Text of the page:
Immigration talking point falls apart

IMMIGRATION TALKING POINT FALLS APART…. For conservative proponents of the Arizona immigration measure, there’s one argument that trumps them all: the law is necessary to address a public safety crisis. There’s a drug war in Mexico, the argument goes, which in turn has led to deadly incidents in Arizona. Officials in Arizona, then, have no choice but to adopt extreme measures to protect the citizenry.

Sen. John McCain (R-Ariz.), who frequently struggles with details and facts, insisted on the Senate floor last week that problems along the border have “led to violence — the worst I have ever seen.” Arizona Gov. Jan Brewer (R) said her new state law is in response to a “crisis” borne of “border-related violence.”

The argument doesn’t stand up well to scrutiny. (thanks to reader P.O.)

Assistant Police Chief Roy Bermudez shakes his head and smiles when he hears politicians and pundits declaring that Mexican cartel violence is overrunning his Arizona border town.

“We have not, thank God, witnessed any spillover violence from Mexico,” Bermudez says emphatically. “You can look at the crime stats. I think Nogales, Arizona, is one of the safest places to live in all of America.”

FBI Uniform Crime Reports and statistics provided by police agencies, in fact, show that the crime rates in Nogales, Douglas, Yuma and other Arizona border towns have remained essentially flat for the past decade, even as drug-related violence has spiraled out of control on the other side of the international line. Statewide, rates of violent crime also are down.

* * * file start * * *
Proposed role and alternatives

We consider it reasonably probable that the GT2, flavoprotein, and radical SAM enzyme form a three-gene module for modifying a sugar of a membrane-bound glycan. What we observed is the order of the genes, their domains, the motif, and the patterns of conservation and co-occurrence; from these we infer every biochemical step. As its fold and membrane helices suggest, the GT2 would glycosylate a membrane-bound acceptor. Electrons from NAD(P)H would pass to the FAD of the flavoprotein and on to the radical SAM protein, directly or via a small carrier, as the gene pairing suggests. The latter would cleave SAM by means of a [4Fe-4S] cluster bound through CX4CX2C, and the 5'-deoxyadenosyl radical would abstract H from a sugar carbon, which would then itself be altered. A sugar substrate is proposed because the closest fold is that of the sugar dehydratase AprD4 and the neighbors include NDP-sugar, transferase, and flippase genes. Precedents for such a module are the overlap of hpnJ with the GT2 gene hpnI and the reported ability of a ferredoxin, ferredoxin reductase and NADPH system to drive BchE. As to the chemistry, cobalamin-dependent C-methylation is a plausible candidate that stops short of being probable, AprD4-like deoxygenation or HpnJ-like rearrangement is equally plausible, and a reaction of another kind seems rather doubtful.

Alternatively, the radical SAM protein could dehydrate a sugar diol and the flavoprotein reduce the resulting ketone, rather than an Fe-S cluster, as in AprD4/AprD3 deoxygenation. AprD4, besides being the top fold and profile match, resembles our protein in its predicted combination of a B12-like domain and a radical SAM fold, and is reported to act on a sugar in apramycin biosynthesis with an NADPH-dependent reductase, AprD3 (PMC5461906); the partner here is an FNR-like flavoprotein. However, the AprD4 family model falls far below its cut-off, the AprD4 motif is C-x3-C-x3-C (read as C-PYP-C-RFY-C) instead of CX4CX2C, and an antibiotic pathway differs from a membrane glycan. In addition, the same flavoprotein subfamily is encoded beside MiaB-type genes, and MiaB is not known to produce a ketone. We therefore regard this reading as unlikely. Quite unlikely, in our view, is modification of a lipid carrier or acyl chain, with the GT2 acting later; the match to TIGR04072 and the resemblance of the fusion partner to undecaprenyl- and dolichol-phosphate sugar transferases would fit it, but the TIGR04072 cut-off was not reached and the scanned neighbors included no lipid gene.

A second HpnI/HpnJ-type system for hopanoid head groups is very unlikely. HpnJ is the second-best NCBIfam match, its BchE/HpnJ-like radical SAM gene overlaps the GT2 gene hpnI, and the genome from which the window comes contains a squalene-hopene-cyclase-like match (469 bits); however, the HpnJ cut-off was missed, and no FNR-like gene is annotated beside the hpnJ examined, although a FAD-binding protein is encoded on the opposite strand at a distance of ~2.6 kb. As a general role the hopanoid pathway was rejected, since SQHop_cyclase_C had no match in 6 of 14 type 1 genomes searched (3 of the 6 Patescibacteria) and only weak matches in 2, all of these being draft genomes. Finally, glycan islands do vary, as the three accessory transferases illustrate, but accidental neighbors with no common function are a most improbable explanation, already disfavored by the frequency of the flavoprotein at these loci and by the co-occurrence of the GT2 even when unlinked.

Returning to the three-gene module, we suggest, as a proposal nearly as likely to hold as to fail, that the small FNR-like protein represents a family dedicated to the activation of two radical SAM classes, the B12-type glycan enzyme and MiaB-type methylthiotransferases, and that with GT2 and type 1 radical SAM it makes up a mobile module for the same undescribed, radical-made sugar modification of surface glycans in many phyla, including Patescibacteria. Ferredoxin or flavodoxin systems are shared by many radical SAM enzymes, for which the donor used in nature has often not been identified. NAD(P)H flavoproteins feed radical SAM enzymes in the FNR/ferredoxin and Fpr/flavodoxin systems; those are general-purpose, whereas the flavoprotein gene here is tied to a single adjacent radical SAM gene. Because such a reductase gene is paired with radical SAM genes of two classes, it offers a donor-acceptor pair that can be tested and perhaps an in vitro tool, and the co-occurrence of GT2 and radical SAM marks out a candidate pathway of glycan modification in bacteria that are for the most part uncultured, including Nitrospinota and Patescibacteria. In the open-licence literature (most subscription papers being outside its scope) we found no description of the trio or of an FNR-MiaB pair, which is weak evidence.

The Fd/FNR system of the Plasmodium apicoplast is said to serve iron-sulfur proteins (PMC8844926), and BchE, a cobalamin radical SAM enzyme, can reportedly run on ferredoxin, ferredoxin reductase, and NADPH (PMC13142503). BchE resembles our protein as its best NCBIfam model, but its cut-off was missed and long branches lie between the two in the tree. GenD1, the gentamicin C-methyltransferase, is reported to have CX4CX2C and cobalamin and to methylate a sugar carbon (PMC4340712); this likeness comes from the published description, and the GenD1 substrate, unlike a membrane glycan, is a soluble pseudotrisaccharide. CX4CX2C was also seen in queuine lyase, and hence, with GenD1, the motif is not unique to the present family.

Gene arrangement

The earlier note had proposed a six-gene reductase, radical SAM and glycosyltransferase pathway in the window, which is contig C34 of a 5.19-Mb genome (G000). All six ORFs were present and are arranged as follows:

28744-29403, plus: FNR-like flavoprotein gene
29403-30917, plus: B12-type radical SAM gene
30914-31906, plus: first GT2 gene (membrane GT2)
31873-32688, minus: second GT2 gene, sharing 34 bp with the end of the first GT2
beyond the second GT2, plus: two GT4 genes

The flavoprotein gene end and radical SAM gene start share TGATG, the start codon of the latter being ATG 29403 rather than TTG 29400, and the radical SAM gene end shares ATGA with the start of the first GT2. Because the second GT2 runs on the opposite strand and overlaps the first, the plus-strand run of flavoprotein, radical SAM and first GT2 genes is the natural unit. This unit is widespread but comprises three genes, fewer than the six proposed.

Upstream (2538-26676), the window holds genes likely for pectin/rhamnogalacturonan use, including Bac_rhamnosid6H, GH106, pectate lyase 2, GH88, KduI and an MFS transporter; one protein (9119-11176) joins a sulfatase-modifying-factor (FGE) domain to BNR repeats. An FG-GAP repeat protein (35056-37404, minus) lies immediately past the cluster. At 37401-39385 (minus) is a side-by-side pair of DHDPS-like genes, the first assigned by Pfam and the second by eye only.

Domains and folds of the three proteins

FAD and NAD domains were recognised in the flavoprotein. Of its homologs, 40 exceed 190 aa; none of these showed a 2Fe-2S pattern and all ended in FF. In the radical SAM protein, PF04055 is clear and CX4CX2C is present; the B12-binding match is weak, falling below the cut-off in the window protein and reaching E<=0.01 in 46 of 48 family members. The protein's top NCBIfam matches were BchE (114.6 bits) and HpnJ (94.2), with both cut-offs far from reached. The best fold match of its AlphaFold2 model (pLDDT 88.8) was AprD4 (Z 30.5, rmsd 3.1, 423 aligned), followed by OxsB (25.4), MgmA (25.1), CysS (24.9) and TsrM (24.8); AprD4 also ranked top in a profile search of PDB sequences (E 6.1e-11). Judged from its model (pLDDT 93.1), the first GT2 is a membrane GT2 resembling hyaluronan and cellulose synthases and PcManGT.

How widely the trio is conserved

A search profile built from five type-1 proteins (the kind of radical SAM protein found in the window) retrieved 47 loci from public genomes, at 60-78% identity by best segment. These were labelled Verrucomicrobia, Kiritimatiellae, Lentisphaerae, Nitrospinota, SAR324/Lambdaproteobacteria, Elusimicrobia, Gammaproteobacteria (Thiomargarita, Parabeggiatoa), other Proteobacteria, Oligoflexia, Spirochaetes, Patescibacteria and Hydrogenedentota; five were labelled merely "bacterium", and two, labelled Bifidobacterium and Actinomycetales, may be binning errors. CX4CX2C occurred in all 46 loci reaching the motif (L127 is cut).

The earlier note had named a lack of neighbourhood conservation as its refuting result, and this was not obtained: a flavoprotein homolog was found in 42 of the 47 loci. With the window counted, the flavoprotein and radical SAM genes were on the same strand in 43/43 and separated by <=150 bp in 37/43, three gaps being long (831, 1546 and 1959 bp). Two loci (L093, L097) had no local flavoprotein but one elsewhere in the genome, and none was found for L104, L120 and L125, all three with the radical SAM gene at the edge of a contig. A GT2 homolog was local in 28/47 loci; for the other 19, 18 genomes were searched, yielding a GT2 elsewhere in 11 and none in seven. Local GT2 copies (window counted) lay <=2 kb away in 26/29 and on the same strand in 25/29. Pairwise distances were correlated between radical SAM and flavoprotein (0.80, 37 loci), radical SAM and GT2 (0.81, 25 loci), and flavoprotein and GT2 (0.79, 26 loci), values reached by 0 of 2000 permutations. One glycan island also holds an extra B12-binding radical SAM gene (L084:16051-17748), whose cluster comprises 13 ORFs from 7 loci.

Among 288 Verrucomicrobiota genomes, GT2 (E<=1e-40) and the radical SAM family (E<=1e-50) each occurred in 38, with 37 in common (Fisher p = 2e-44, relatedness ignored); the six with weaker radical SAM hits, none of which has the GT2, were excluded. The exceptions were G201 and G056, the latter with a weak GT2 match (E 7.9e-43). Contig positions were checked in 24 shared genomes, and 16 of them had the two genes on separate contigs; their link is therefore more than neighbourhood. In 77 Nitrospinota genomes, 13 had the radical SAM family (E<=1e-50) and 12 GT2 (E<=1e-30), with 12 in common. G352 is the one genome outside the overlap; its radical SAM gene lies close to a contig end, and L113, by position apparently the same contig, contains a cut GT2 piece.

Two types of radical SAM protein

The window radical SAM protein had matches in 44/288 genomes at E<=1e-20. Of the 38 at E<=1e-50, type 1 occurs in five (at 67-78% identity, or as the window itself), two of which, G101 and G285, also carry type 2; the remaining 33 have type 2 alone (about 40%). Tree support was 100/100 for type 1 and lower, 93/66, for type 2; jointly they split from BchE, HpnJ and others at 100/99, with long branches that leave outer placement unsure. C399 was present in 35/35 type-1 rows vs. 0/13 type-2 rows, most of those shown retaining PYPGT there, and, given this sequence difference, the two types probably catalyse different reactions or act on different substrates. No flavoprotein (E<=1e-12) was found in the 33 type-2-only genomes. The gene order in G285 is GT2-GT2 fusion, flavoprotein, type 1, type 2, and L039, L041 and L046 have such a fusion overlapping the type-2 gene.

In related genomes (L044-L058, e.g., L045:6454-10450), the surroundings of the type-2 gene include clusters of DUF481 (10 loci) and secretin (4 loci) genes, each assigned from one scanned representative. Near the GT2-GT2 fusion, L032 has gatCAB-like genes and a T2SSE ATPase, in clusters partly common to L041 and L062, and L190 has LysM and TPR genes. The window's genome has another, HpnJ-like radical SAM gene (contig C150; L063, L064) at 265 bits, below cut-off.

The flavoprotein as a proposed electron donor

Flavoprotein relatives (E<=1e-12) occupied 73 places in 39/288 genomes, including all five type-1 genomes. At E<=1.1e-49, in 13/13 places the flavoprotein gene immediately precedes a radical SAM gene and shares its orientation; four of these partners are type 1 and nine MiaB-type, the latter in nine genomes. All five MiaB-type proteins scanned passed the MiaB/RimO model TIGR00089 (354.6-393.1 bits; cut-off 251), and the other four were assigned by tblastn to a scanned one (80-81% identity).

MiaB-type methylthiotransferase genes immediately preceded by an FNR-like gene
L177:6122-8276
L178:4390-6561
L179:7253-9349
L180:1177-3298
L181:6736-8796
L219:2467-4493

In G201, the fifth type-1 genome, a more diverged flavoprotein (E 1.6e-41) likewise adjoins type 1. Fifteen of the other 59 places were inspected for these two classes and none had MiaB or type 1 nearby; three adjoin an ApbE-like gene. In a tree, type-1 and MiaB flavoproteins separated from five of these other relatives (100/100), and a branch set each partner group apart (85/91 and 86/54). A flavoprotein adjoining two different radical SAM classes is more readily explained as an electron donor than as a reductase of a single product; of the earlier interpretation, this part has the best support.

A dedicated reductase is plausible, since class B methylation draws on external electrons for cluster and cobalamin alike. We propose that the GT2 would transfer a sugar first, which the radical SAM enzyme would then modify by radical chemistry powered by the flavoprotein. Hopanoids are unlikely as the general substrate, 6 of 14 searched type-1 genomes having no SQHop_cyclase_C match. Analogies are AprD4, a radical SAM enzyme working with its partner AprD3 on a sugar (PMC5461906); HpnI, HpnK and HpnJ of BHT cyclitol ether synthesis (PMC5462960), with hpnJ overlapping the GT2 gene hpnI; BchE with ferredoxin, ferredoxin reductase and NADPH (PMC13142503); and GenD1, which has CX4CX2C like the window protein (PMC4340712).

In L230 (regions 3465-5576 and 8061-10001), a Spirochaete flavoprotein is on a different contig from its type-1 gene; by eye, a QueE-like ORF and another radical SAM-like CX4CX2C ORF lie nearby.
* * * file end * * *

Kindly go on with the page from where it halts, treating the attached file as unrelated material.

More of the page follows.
This is more than just another instance of conservatives fudging the facts. Public safety is at the core of the defense of the Arizona law. It’s the driving force for the entire effort — but it’s wrong.

This isn’t to say crimes haven’t happened. The murder of Cochise County rancher Robert Krentz has been well reported. But the right has painted a picture of escalating violence, justifying overly-aggressive policymaking.

It’s just not true.

By many measures, Arizona has become safer since illegal immigrants began pouring into the state in the 1990s.

Crime has dropped all across the country since then, but the decrease has been as fast or faster in Arizona…. That’s no surprise to those who study immigration — both sides, whether for or against increased immigration, agree that immigrants tend to commit fewer crimes than native-born Americans. […]

What most in law enforcement here do agree on is that the victims of crime by illegal immigrants tend to be other immigrants. Community activists argue that the new law will make it worse for law-abiding immigrants because few immigrants, whether documented or not, will want to deal with police.

Better conservative talking points, please.